Earl Brinkley shares his vision
By Turner Walston
Published in News on August 28, 2005 2:02 AM
Eastern North Carolina can improve its economy by taking advantage of its links to it seaports, says a Duplin County entrepreneur who has spent his career in international business logistics.
Earl Brinkley spoke to about 150 people Friday at the biannual meeting of the Goldsboro and Mount Olive Committees of 100 Friday at the Goldsboro Country Club.
Brinkley, a native of Sampson County, retired from the John Deere Co. after 38 years and has formed his own firm, Accu-Track Logistics in Wallace.
He said the seaports in Morehead City and Wilmington must become more competitive with ports in Savannah, Charleston and Norfolk for them to be able to fully benefit eastern North Carolina industries.
He said the state needs to create a deep-channel container seaport at Morehead, which has good access to the Atlantic sea lanes. By linking the ports to inland industries through improved rail lines and highways, he said, the entire region would benefit from international trade.
He said Virginia, South Carolina and Georgia have made port development a priority and are reaping the benefits.
"They realize the value of their seaports to their economic health," Brinkley said.
The United States imported 4.2 million vehicles a year through its ports, Brinkley said, yet Morehead City and Wilmington imported none.
Wilmington's port would be able to handle smaller ships, Brinkley said. Between the two seaports, he said, North Carolina could become an important player in international East Coast shipping.
Brinkley's proposal also included creating cruise terminals in both Morehead City and Wilmington, allowing North Carolina to take advantage of the domestic and international cruise industry.
Building better railroad connections between the ports and the interior of the state would be crucial to the ports' success, Brinkley said. He added that an inland container terminal in the Goldsboro-Selma area, where major railroad lines connect, would be able to accept shipments via trucks and redistribute goods for shipment anywhere in the country, especially along the eastern seaboard. He also said a similar terminal in the Asheville area would be able to complement those in Greensboro and Charlotte, which also are major railroad crossings.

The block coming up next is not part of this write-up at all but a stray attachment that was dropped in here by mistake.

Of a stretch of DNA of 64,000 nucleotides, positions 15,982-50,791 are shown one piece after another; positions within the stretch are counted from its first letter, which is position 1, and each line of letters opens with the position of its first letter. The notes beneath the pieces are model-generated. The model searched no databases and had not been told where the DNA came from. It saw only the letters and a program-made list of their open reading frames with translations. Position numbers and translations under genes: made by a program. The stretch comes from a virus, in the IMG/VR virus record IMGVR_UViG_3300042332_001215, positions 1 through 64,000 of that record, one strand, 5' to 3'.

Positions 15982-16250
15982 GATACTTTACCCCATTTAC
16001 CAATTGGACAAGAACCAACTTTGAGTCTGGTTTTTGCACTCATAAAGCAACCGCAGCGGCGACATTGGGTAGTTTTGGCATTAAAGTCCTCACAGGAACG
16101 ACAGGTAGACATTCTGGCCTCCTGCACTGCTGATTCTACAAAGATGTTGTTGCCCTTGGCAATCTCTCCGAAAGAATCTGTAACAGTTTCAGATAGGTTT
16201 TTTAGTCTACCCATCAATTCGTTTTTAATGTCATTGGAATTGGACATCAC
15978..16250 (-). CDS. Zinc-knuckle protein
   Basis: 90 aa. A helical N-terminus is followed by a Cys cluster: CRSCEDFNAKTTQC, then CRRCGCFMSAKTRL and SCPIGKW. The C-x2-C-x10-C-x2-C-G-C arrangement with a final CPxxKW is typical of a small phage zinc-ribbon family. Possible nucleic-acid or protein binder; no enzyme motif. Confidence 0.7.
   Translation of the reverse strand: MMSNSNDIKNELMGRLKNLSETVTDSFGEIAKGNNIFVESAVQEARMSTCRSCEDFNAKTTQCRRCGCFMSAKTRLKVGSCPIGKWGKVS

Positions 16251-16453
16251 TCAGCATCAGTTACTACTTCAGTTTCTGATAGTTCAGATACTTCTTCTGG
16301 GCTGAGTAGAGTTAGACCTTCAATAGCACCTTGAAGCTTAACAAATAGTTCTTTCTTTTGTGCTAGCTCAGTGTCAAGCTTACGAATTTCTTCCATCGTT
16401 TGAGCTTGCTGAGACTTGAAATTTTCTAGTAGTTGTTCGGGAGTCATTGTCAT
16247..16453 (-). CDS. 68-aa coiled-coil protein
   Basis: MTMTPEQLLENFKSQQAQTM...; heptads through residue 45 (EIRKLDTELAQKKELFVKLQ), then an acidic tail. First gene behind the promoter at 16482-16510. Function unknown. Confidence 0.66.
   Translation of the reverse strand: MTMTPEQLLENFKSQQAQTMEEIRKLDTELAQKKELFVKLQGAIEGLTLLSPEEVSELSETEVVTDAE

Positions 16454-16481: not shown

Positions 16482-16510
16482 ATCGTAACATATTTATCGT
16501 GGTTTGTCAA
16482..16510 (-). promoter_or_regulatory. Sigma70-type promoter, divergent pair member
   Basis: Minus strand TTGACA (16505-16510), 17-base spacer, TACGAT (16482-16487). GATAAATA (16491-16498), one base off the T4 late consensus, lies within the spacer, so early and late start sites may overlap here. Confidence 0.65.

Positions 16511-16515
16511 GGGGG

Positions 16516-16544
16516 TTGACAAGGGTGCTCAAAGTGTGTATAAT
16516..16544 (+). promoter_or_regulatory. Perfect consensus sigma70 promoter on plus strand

Brinkley recommended upgrading and utilizing rail to move both freight and people, including the replacement of the line from Wallace to Castle Hayne.
Brinkley also suggested branding the entire network as the North Carolina Global TransPark.
"I recommend we piggy-back on the name already developed," he said. "Let's have one organization selling all of North Carolina, not marketing personnel selling individual locations."
Brinkley estimated that moving one million containers through North Carolina ports would create 164,000 jobs, $5.4 billion in wages, and $1.4 billion in tax revenue.
"The state of North Carolina is a beautiful state," Brinkley said. "North Carolina can obtain and sustain a major role in the world economy."
Brinkley said money in the recent incentives package offered to Dell to locate in North Carolina could have been better spent elsewhere.
"We can design and create new concepts. We can turn a negative into a strong positive. However, we need to have a vision and seize the opportunity now."
At the close of his presentation, Brinkley received a standing ovation from the attendees. Mount Olive Committee of 100 President John Pegram then presented him with a package of Wayne County products.
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